You have to improve your selling process. As an example, going back to Jack Daly, everyone teaches you how to sell more. No one teaches you how to be a better sales manager. You have to learn how to be a sales manager on stage three. On stage one, you do most of the revenue of the company. You do all the selling with the people on the phone and all that. Stage three, now I want to have an army of people selling for me. I need to learn how to be a sales manager. That’s where I got Hyper Sales Growth by Jack Daly. Every stage there are certain things you have to implement to be able to take your company to the next level. It is not the same suit for every company. It depends on how many contractors you have in each stage, depending on what you need.[bctt tweet=”The one thing that doesn’t allow CEOs to grow is ego. ” username=””]
Do you have any tips for going from an average CEO to an excellent CEO to bridge that last gap? Anything that you didn’t already talk about?
The one thing that doesn’t allow CEOs to grow is ego. If you think you’re the best to do things, you’re probably never going to grow. Here’s the issue, you have to hire people and allow them to make mistakes. Usually the strength of their founder or founders or the CEO becomes the weakness of the company. As an example, you’ll say, “I’m the best sales manager in my office.” If you’re the best sales manager in your office, you never hire a great sales manager. Your strength becomes your weakness. The one thing I work with the CEOs, it’s a mentality thing to allow to let go and trust the team. Sometimes they are going to make mistakes. That’s okay, but if you don’t allow them to make mistakes, they will never grow your company.
This has been fantastic. I learned a lot. I’m in the stage right now where we keep going into stage two, stage three. I took some notes. I think those are some great suggestions. Daniel, where can people find out more about you and what are you most excited about?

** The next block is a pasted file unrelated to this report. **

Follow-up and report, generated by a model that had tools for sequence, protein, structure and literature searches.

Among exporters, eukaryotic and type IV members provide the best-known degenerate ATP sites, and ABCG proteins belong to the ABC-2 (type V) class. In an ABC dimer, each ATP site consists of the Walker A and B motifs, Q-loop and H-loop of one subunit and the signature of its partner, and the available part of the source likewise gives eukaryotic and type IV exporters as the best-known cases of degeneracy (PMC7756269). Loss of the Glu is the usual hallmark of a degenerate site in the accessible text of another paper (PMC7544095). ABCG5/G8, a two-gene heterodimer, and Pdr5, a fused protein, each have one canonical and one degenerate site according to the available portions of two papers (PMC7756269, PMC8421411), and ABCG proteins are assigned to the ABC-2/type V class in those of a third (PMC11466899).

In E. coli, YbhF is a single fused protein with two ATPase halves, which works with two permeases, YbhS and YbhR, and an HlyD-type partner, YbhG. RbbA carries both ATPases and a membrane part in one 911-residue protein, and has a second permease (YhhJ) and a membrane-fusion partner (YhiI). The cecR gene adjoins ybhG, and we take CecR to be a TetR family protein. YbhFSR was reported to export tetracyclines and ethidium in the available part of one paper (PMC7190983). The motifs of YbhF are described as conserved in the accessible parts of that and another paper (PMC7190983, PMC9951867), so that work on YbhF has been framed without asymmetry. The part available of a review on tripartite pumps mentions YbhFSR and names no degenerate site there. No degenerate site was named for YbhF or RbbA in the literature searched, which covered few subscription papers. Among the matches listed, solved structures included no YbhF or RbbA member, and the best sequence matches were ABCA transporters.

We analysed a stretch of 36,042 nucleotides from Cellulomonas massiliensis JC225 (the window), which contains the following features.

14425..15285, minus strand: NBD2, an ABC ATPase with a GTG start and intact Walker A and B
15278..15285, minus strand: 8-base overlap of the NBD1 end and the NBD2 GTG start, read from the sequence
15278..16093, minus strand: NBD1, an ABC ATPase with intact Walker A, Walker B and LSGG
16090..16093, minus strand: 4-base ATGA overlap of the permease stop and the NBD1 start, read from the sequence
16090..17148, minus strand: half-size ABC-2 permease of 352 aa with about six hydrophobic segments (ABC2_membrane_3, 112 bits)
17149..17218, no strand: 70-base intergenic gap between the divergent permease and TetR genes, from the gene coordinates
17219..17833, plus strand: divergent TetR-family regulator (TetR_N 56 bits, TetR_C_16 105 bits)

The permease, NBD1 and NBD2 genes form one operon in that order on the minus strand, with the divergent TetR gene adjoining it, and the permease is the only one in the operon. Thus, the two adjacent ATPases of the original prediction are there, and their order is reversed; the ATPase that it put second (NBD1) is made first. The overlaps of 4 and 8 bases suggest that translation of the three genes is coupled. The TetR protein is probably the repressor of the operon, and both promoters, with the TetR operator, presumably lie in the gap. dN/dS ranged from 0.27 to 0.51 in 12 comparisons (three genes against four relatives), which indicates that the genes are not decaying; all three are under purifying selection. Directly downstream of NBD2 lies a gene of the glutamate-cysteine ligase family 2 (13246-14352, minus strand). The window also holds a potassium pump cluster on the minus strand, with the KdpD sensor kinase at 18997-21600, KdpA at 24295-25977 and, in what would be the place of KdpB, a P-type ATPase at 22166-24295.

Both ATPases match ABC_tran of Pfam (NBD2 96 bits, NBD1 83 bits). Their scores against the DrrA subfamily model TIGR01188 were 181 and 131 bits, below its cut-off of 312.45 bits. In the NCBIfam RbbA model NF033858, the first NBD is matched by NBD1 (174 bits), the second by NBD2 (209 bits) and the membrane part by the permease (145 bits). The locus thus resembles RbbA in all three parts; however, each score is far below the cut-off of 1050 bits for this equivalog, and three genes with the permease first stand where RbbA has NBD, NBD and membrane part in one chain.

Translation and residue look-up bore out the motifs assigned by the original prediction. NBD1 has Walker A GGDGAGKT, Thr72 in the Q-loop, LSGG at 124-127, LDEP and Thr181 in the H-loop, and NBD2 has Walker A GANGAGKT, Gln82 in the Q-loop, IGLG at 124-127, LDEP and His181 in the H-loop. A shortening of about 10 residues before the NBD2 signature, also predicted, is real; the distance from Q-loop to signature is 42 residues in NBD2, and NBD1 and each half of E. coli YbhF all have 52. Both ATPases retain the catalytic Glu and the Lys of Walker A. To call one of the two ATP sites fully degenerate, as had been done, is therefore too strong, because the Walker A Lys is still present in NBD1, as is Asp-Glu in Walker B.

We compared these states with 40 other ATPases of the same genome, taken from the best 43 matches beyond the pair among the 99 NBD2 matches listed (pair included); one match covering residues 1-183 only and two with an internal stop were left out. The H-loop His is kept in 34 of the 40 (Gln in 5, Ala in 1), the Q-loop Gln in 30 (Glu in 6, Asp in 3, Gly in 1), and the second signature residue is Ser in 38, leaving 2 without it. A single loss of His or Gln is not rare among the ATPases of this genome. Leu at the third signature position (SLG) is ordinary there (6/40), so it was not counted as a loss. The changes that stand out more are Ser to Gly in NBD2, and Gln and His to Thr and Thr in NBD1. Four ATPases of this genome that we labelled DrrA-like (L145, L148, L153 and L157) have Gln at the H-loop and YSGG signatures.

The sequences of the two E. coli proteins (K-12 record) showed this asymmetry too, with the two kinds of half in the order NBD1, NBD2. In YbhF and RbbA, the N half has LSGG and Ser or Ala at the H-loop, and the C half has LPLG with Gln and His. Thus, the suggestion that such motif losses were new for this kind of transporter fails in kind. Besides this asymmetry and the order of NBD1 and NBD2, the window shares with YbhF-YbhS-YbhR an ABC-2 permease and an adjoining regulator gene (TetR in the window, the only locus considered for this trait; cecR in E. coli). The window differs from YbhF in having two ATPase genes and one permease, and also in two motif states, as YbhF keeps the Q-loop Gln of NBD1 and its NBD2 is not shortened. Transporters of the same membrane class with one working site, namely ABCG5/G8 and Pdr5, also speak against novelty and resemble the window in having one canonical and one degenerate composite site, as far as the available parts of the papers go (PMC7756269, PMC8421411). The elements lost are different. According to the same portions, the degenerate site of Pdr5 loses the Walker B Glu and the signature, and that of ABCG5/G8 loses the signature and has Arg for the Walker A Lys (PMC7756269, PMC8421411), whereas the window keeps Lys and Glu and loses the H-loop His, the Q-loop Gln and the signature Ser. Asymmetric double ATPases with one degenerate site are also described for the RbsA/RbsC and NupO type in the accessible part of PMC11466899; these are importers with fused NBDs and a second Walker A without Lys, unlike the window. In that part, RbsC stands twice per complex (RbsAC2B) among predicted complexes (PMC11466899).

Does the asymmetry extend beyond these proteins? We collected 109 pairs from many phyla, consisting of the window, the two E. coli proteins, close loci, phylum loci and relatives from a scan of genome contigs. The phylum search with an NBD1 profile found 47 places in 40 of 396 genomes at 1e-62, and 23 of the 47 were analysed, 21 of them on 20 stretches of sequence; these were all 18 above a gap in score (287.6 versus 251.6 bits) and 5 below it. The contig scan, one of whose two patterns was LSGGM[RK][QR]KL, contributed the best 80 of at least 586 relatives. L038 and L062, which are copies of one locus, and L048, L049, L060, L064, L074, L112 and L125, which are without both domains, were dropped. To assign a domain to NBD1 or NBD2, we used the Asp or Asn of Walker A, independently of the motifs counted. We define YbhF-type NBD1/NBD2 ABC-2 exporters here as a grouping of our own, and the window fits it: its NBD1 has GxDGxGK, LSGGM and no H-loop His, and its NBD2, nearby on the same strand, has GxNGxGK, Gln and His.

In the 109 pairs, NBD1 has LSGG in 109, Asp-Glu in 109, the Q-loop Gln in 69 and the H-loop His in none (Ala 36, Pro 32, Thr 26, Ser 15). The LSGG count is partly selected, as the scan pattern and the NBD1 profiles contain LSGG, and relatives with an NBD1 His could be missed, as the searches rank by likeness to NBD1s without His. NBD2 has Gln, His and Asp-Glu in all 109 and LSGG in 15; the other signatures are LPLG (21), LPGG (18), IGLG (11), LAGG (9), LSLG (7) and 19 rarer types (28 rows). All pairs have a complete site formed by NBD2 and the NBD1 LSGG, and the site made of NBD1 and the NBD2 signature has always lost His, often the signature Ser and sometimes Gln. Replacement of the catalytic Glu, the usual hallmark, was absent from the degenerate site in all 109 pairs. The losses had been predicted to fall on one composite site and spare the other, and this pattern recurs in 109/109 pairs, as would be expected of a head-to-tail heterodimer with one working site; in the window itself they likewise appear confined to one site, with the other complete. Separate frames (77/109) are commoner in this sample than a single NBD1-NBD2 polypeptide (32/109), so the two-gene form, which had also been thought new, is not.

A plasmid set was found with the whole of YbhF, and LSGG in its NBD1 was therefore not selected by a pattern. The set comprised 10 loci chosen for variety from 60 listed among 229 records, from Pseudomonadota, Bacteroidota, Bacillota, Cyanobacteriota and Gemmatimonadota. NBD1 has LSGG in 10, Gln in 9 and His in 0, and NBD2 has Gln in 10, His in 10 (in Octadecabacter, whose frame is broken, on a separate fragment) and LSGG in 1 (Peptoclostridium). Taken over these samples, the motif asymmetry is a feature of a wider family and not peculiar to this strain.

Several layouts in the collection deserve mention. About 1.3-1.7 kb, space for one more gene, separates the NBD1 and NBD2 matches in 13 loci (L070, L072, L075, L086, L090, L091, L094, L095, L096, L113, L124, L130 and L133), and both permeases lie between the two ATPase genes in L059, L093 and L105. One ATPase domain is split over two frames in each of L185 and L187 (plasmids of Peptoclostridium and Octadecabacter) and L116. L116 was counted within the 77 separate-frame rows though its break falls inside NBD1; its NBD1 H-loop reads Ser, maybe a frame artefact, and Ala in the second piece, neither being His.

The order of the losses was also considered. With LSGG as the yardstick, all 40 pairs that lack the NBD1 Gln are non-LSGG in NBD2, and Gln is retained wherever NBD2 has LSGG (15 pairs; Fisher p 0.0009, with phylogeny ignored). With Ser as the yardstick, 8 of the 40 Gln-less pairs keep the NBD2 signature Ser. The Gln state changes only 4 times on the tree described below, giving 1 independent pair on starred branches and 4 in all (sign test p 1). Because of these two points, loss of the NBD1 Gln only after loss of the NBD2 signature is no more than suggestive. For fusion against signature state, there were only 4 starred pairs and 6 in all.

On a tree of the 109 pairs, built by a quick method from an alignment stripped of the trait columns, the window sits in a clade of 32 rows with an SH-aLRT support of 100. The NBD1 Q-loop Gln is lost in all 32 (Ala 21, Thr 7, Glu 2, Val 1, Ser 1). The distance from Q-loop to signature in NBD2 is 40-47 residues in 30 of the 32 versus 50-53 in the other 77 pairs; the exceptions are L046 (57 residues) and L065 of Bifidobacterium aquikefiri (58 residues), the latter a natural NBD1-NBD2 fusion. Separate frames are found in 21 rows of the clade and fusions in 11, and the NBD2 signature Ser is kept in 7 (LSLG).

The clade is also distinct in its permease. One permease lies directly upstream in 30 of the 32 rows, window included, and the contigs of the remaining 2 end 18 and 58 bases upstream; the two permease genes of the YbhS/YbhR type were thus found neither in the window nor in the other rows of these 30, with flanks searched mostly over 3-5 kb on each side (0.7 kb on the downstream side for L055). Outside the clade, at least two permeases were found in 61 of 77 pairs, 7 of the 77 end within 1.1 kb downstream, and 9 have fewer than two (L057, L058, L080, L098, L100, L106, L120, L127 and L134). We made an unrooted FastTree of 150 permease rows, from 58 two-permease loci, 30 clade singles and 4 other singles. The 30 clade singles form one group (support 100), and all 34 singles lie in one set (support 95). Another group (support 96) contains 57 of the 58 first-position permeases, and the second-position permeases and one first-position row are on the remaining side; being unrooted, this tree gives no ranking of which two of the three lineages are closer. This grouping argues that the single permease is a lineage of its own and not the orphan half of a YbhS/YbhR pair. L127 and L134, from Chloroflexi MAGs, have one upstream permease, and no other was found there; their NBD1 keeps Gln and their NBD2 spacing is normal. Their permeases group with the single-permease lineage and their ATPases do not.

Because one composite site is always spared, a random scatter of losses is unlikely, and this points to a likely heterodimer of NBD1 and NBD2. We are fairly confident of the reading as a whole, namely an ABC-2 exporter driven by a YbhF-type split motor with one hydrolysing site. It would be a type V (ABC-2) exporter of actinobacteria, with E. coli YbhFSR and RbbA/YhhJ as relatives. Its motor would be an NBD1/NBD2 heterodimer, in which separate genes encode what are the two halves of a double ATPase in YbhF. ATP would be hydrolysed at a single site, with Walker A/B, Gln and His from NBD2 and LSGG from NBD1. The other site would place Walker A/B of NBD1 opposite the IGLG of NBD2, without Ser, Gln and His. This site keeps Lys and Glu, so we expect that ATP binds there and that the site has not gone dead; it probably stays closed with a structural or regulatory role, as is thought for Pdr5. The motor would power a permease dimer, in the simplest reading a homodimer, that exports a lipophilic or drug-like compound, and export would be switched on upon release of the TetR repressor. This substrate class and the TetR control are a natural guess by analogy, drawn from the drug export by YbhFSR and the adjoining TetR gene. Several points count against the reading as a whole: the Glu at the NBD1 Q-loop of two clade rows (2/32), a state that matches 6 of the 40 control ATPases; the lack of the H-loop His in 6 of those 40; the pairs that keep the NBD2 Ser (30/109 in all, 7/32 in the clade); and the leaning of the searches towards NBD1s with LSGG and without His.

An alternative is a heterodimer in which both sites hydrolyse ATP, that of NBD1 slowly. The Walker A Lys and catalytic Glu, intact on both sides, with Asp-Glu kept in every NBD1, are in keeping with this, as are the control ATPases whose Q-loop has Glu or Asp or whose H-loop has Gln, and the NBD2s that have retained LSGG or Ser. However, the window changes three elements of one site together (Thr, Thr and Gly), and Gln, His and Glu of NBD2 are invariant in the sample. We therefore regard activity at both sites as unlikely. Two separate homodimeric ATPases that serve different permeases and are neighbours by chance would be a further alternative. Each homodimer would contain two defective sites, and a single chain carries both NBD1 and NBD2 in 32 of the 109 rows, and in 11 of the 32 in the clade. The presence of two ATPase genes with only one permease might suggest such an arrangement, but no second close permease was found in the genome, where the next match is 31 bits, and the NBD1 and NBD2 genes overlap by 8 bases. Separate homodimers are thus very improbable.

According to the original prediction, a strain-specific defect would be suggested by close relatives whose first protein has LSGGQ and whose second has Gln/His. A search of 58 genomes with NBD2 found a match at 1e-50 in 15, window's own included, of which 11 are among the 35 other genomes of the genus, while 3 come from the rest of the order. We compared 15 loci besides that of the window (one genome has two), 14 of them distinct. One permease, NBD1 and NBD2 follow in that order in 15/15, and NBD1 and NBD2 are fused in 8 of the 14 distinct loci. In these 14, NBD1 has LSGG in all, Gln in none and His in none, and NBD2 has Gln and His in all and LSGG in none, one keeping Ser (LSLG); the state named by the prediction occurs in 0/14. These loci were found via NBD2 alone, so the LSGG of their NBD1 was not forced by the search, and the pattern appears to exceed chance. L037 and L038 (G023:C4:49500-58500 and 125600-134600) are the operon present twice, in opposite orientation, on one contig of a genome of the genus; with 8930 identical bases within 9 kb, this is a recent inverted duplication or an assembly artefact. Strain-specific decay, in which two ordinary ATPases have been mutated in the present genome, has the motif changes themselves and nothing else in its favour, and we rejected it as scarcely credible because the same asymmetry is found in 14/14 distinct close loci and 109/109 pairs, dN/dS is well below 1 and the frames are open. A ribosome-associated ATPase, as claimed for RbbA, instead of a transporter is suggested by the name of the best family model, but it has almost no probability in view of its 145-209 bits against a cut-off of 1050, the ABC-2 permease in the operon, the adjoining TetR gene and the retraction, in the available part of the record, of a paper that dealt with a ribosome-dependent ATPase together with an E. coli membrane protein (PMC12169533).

Growth Institute, that’s our platform. We have over 100 courses with 100 thought leaders. We’re focused on scaling companies faster with less drama. We put together a program called the MBD, the Master of Business Dynamics. We have 130 students going through it and we make you an expert on scaling companies. As an example, I went to my MBA in Babson, supposedly the best MBA for entrepreneurs around the world. I probably use 5% of what I learned to grow my company. It was amazing for critical thinking. It was a great program. It taught me critical thinking, but it didn’t give me any tools to scale my business. We teach companies or executives the tools they need to be able to scale their company and take it to the next level. I’m super excited about the MBD.
Daniel, thanks again. To our readers, check out Daniel if you’re looking to scale your business and become a better CEO.
Thank you, Nathan.
Daniel Marcos is the co – founder and CEO of Growth Institute, the leading online executive education company for C- level executives at fast growing firms. He is a keynote speaker and a CEO Coach, with a mission to help 1 million entrepreneurs scale their companies faster and with less drama.
He is an international speaker and has shared stage with thought leaders like Peter Diamandis, Guy Kawasaki and Jack Canfield, just to name a few. Daniel is the blogger of Capitalemprendedor.com. He is a graduate of EO’s premiere CEO program, the “Birthing of Giants”, and its continuation, “Gathering of The Titans”. He holds a BS in Industrial and Systems Engineering from ITESM (Monterrey Tech) and an MBA (cum laude) from Babson College at Wellesley, MA.